A federal judge Tuesday put a permanent halt to Indiana’s abortion law defunding Planned Parenthood. The decision ends a two-year legal battle between the state and its largest abortion provider.
Federal judge Tanya Walton Pratt first issued a preliminary injunction in 2011 against an Indiana law that cut off federal funding to abortion providers in the state – effectively meaning Planned Parenthood. Pratt’s ruling, which temporarily halted the law’s effects, has since been upheld by a federal appeals court.
Hoosier women receiving health services from Planned Parenthood of Indiana will not be at risk of losing that access after the U.S. Supreme Court declined to hear an appeal in a case challenging an Indiana law attempting to halt state funding to the organization.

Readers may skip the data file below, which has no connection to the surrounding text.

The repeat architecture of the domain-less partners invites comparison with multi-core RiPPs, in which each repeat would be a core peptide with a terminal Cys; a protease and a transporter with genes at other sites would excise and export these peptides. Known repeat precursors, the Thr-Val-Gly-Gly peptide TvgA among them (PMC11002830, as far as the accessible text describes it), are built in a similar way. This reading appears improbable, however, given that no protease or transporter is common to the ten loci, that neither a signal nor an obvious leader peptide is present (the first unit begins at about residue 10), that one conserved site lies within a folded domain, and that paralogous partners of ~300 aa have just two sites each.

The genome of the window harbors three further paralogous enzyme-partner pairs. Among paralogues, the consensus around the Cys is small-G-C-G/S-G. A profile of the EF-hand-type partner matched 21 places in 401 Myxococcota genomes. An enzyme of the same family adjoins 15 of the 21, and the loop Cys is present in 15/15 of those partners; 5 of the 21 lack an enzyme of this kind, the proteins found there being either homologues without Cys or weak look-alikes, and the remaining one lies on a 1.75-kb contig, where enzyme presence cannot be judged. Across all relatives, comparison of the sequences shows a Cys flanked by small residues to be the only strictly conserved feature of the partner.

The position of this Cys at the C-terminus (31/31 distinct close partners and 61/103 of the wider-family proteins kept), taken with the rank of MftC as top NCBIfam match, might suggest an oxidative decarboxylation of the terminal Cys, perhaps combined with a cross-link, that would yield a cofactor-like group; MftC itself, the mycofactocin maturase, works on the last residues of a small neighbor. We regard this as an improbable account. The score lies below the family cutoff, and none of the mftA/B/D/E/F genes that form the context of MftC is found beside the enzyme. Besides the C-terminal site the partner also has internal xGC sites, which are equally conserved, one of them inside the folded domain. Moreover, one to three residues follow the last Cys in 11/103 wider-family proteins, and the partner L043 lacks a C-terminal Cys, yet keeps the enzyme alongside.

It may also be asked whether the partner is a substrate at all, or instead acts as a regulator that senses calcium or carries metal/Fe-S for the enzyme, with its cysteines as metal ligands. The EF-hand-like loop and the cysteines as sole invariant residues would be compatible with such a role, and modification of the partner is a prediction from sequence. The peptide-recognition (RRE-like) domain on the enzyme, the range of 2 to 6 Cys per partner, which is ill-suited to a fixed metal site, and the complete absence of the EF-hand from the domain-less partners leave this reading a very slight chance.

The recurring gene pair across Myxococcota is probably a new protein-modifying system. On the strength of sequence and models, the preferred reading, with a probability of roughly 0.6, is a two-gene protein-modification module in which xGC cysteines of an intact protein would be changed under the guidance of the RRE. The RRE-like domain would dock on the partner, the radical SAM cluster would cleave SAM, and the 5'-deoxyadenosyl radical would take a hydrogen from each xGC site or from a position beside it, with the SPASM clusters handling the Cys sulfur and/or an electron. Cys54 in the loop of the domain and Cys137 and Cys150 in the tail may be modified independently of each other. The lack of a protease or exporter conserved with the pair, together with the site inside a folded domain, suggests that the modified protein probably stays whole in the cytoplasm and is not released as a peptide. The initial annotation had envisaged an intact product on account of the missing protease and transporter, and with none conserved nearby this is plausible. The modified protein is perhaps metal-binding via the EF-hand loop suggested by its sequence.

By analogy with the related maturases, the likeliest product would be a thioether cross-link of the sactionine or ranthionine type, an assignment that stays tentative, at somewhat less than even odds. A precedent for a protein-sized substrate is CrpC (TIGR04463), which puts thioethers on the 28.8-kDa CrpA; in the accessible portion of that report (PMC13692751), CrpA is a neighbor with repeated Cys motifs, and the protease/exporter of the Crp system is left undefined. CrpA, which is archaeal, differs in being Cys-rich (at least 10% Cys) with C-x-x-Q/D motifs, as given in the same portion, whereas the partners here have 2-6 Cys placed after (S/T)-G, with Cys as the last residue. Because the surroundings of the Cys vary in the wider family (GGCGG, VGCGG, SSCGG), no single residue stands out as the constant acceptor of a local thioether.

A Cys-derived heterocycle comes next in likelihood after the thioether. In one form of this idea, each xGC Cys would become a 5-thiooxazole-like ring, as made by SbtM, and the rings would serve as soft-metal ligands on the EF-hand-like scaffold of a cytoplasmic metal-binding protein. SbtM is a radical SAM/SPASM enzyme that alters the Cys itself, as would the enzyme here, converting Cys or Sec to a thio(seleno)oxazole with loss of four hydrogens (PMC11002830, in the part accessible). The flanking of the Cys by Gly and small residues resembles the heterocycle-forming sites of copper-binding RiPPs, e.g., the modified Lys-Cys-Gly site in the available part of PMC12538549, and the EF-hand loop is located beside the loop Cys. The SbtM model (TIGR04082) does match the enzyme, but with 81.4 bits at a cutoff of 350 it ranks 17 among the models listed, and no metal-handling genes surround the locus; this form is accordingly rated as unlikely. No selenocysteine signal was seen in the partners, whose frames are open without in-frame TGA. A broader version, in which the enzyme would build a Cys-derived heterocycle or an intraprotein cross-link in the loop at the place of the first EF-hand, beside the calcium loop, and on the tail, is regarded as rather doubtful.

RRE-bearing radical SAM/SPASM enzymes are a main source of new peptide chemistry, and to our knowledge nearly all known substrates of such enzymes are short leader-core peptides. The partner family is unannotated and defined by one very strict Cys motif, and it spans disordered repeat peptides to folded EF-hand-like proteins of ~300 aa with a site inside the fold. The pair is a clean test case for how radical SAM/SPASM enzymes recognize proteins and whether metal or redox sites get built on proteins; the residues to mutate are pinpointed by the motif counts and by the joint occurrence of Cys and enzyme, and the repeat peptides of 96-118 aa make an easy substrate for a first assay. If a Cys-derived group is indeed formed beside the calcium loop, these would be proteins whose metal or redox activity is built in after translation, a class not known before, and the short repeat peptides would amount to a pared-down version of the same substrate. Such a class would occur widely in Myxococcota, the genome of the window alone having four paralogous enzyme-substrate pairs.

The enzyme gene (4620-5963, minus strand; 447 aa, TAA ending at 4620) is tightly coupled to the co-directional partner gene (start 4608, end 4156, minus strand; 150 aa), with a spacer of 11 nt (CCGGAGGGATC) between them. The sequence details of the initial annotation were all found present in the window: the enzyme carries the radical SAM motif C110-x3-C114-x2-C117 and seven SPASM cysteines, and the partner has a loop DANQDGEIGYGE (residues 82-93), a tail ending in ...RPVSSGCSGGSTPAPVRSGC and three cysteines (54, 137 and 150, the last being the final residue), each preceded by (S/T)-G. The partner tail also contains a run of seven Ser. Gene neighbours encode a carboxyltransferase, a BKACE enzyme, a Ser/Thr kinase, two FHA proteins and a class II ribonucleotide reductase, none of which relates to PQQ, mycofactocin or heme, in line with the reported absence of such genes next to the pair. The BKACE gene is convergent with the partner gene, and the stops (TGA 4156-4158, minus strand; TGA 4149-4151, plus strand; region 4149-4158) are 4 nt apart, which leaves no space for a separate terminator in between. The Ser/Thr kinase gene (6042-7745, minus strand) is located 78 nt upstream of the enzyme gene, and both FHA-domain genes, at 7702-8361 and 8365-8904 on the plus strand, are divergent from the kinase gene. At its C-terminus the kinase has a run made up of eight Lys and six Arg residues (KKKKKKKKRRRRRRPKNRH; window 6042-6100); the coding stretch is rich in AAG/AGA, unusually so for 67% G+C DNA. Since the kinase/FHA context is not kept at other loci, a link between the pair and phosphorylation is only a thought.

Listen to Brandon Smith's story about the U.S. Supreme Court opting not to take an Indiana case cutting off state funding to Planned Parenthood.
Legislation regulating the abortion-inducing drug known as RU-486 is headed to the governor’s desk after the Senate approved changes made in the House.
The original legislation required women receiving RU-486 to undergo an ultrasound prior to receiving the drug. Changes made in the House allow women to opt-out of viewing the ultrasound or listening to the fetal heartbeat.